An introduction to online and offline marketing

28 September 2021

8 min read

Please be aware that this is a guide only and you should seek specific advice for your business*

Are you looking to learn more about marketing your business online and offline?

Online and offline marketing both have their pros and cons and different ways of marketing can help to deliver against different goals for your business. Online marketing is using the internet to promote your products or services using web channels such as Google and Facebook and offline marketing is using traditional media such as radio and newspapers.

Choosing which marketing strategies to use can seem overwhelming with the amount of options available. Here at The Co-operative Bank we want to help your business grow and thrive, so we'll take you through the benefits of both online and offline marketing, including how to choose the right strategy for your business.

How to choose the right marketing strategy

Before you choose which marketing methods to use, a good first step is to consider your customers and the best way to reach them. This includes understanding who they are, what they like to do, what websites they like to visit and where they spend their time. You should also consider the best way to present your business to them and what messages will resonate best.

It's important to be realistic about how much you want to spend on promoting your business and what time you can give to marketing alongside your day to day responsibilities, so you can choose the marketing activity that is best suited to you.

Setting out what you want to achieve is also an important part of developing a marketing strategy. What is the outcome you're looking for? Is it keeping your customers or gaining new ones? When do you need to see the impact of that for your business?

Thinking about these outcomes will help you to choose which areas of marketing to focus on based on whether you want to grow sales quickly or whether you want to increase awareness of your business. The messages you use and where you promote this message will vary dependent on what you want to achieve.

What is online marketing?

Online marketing is using the internet to spread a message about your brand, product and services to reach potential customers. It can also be known as digital marketing, internet marketing or web marketing.

Online marketing includes areas such as:

  • Social media marketing (such as Facebook, LinkedIn and Instagram)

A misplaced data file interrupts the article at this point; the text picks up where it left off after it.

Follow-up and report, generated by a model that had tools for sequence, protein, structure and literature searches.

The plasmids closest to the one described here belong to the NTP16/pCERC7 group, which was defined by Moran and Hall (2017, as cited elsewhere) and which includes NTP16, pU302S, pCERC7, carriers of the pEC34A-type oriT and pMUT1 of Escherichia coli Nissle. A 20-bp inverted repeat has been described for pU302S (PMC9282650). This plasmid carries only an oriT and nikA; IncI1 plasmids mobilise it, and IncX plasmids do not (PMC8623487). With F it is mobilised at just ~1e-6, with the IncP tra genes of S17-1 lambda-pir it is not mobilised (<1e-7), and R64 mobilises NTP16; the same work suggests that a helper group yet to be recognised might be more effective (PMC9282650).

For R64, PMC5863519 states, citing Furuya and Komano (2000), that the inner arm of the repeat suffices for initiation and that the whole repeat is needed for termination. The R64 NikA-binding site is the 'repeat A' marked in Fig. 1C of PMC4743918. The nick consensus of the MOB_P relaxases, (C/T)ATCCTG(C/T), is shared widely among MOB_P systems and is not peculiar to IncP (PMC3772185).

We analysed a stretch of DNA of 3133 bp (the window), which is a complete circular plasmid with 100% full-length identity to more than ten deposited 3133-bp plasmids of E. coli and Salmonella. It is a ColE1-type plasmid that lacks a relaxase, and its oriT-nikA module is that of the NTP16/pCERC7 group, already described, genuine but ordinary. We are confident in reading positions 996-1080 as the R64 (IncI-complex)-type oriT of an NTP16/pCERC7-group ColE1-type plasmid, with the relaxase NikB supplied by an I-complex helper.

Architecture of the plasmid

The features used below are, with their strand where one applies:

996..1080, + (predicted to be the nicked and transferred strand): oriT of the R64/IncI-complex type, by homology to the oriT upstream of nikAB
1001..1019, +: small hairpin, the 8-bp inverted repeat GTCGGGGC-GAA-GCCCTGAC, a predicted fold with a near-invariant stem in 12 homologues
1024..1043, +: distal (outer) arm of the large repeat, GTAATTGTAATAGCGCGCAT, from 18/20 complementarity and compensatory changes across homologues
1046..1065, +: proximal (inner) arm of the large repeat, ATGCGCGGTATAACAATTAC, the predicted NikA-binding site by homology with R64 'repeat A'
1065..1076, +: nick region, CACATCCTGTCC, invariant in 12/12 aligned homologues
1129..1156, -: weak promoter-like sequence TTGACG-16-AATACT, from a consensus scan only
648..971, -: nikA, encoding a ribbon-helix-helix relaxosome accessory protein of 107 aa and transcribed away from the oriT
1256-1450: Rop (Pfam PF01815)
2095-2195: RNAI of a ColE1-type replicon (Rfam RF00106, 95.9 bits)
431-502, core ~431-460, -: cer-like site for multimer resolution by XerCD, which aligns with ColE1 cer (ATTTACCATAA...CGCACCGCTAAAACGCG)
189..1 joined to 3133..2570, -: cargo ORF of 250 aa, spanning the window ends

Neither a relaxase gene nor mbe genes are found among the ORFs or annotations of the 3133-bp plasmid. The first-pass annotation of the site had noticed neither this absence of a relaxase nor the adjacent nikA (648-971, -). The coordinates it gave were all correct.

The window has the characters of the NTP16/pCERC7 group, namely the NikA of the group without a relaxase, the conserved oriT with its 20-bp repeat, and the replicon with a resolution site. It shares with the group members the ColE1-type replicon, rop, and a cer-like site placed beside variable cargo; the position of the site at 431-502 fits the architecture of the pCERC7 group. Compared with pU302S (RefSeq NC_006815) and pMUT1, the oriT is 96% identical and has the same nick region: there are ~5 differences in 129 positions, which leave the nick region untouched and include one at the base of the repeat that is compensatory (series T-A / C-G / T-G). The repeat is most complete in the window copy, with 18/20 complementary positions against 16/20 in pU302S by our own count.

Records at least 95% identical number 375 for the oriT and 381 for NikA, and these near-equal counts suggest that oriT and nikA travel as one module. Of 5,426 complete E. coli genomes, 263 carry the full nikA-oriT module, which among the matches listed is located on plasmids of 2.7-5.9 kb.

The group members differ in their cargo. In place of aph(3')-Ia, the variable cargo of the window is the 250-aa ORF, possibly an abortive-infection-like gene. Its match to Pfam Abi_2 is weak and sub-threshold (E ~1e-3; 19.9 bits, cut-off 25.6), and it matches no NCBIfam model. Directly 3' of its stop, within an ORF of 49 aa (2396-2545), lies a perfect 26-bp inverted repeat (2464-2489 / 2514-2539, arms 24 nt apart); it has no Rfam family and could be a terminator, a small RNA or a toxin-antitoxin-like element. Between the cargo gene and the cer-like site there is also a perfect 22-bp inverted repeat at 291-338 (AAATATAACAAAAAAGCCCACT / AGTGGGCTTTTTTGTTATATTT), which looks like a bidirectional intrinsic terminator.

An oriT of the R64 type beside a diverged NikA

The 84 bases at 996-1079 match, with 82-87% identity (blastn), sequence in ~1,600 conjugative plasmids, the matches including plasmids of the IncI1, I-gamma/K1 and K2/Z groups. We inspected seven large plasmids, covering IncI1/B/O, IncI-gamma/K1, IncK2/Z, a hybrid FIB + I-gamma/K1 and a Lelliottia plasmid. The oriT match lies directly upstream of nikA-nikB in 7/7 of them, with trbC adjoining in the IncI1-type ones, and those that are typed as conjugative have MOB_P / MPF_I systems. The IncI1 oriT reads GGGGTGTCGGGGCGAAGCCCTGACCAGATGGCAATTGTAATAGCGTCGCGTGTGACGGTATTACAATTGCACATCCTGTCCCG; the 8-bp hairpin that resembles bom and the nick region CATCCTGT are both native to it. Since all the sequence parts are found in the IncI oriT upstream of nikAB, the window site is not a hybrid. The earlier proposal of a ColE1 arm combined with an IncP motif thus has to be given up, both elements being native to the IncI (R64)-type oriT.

• Email marketing (sending messages to existing or potential customers via their email address)
  • SEO (getting people to your website from search engines such as Google without paying for it)
  • PPC (paying for adverts that appear on search engines)
  • Display advertising (using graphics on other websites or apps to advertise your business)
  • Affiliate marketing (using another website to promote your product or services and paying them a commission)

You can learn more about the different types of online marketing with our useful guide.

The purpose of using online marketing is to reach your target audience at a time when they are on the internet during leisure or work-time.

What are the benefits of online marketing?

Online marketing can typically cost less than more traditional forms of marketing such as radio or TV advertising. Large numbers of customers can still be reached with online marketing but usually for a lower cost.

It's also easier to measure how well online marketing is working for your business because of the amount of data that can be tracked such as visits to your website and sales. Online marketing can also make it easier to target specific customer types and learn what's working and what isn't.

Some of the disadvantages to online marketing is that it can be more competitive than traditional advertising. Whilst it can be easier to reach your customers, it's also easier for competitors to reach those customers too. People online can be exposed to hundreds of messages on a daily basis, so it can be hard to stand out.

For online marketing to work for your business, you need to understand your customers' needs and wants to communicate how your product or service will work for them. This is to ensure the budget you are using for marketing provides you with a return on investment.

What is offline marketing?

Offline marketing is using advertising to reach customers when they are offline and not using the internet. For example, when customers are in physical stores, watching TV or reading a newspaper. It can also be known as traditional marketing.

Many businesses use a combination of online and offline marketing to reach their customers in an effective way. This is because the traditional high street model is changing and using both online and offline marketing methods can help to reach customers with multiple messages about your business.

Offline marketing includes methods such as:

  • TV advertising (advertising during ad breaks or products placed in TV shows)
  • Radio (promoting your business during radio ad breaks)
  • Leaflets (using flyers to spread a message about your business)